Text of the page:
It’s been painfully apparent that many of the well-funded startups building next-gen solar tech have yet to ship solar panels in any large volumes and have missed their targets. And even the folks in the solar industry are starting to take each other to task.
What’s Intel doing in a solar panel factory? Eight Intel employees are helping thin-film solar startup Miasole fine-tune its two Silicon Valley factories, as the well-funded CIGS maker struggles to reach a scale of production that will allow it to compete against the big boys in the solar PV space. Intel doesn’t make solar panels, but it has plenty of expertise in the far more rigorous work of turning out chips — and at least for silicon-based panels, the production methods could see some crossover. In fact, startups like AQT Solar are refurbishing memory disk drive fabrication equipment to churn out thin-film panels, in an attempt to leverage the investment already made into high-volume manufacturing. Startups like Miasole, Nanosolar, Solyndra and other thin-film contenders have created their own manufacturing gear to maximize their in-house technological prowess and increase efficiencies of the panels they make. But they’ve also racked up hundreds of millions of dollars in expenses doing so, and are faced with a make-or-break year to either scale up to compete with the likes of First Solar and Solar Frontier (not to mention the ever-cheapening silicon solar panel giants), or leave their investors disappointed.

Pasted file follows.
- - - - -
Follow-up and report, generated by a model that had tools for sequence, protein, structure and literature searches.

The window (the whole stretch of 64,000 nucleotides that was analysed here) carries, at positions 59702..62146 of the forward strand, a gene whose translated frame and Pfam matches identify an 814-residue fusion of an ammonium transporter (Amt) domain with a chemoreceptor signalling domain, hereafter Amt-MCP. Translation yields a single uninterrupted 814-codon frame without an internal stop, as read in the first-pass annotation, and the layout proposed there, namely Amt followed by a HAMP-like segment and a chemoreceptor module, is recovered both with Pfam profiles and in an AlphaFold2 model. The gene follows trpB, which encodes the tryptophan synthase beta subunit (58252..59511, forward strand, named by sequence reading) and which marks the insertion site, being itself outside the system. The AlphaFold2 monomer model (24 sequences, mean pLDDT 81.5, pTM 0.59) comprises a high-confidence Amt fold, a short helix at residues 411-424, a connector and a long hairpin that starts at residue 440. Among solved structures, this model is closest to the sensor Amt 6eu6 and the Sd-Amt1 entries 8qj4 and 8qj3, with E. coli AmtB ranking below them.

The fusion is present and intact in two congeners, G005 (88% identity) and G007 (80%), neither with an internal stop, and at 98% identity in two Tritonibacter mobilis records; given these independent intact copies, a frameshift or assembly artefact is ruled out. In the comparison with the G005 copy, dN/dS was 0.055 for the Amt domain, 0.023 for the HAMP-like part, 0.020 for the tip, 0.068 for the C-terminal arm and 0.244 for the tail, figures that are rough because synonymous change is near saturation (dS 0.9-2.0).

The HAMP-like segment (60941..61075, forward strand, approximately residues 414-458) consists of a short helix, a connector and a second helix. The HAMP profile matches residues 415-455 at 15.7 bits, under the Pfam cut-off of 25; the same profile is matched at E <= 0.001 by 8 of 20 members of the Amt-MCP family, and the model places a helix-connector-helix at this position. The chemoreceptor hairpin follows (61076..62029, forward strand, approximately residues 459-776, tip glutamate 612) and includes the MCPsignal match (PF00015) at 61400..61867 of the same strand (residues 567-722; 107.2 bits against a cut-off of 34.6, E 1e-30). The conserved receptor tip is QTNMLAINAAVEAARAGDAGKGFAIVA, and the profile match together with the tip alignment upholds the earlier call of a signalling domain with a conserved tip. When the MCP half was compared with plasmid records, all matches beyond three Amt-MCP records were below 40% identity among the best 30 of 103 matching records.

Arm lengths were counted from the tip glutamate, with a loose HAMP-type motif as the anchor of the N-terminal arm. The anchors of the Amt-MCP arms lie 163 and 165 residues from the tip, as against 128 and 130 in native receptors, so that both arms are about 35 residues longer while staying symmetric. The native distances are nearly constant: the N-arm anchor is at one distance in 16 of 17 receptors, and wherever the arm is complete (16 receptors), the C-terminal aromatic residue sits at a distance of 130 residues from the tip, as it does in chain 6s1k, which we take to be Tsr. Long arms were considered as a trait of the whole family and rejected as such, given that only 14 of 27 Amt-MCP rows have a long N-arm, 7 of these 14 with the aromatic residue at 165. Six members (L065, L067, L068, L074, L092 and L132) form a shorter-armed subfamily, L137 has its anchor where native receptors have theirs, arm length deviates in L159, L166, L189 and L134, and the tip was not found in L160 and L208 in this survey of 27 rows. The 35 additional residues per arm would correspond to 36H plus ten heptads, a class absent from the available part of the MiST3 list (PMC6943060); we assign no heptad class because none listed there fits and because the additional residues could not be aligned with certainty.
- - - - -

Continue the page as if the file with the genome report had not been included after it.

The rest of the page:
2011 will be a make or break year for many of the next-generation of thin film solar startups that are using the material copper-indium-gallium-selenide (CIGS) to make solar cells. Close to a dozen companies are aiming to either ramp up, or move into, production.